There are several healers in the alternative medicine field who work with this principle.  Some do not fall fully into either the Western allopathic model or the Ayurvedic model, but I will include them here because they utilize the ancient wisdom of the subtle body system, which originated from the same source as Ayurveda.  Carolynn Myss, in her book “Anatomy of the Spirit,” describes in detail the seven chakras and the common injuries, diseases, and afflictions that occur because energy in that chakra is stagnant or blocked.  Her first principle of whole body healing is that our subtle biography becomes our physical biology. She says:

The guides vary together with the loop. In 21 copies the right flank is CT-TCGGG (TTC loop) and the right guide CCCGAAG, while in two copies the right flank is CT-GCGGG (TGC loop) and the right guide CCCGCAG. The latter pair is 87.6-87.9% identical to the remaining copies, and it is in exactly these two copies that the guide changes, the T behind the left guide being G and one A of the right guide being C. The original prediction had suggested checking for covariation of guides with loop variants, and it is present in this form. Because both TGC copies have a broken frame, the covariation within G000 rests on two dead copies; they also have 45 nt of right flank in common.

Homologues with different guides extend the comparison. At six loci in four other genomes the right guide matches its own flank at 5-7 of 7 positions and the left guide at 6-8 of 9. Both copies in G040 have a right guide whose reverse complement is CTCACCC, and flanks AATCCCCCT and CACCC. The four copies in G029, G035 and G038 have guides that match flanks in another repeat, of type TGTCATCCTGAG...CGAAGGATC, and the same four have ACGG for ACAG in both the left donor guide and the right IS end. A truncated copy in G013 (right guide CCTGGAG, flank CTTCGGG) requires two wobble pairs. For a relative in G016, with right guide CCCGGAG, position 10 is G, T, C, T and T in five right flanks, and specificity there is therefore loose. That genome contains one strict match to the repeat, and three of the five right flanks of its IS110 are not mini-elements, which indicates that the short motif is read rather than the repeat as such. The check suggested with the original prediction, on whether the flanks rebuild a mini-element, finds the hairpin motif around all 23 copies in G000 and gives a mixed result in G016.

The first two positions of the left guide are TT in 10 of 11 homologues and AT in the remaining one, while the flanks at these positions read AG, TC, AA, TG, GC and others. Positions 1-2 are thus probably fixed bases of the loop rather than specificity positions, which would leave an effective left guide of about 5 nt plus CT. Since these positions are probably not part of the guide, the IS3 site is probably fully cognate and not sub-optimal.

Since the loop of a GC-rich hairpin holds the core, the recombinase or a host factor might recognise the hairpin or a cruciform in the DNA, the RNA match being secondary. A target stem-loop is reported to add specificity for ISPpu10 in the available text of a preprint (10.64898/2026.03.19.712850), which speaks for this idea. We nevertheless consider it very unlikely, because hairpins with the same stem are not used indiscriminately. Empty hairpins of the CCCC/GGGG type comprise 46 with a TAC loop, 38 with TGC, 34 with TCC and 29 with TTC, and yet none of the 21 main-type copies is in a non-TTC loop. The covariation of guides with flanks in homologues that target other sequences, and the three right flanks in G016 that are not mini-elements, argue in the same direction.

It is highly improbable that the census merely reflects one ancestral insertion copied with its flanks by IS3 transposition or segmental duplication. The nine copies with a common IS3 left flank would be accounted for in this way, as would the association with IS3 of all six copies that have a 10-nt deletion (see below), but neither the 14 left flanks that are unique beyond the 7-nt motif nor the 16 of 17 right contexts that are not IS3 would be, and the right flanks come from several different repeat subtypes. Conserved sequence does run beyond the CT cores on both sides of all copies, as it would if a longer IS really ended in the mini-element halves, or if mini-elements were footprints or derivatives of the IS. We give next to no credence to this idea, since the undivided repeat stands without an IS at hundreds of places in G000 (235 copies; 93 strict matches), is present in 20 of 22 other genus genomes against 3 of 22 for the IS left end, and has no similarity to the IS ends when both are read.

As our lives unfold, our biological health becomes a living, breathing biographical statement that conveys our strengths, weaknesses, hopes and fears. . . . All our thoughts, regardless of their content, first enter our systems as energy. Those that carry emotional, mental, psychological, or spiritual energy produce biological responses that are then stored in our cellular memory.  In this way our biographies are woven into our biological systems, gradually, slowly, every day.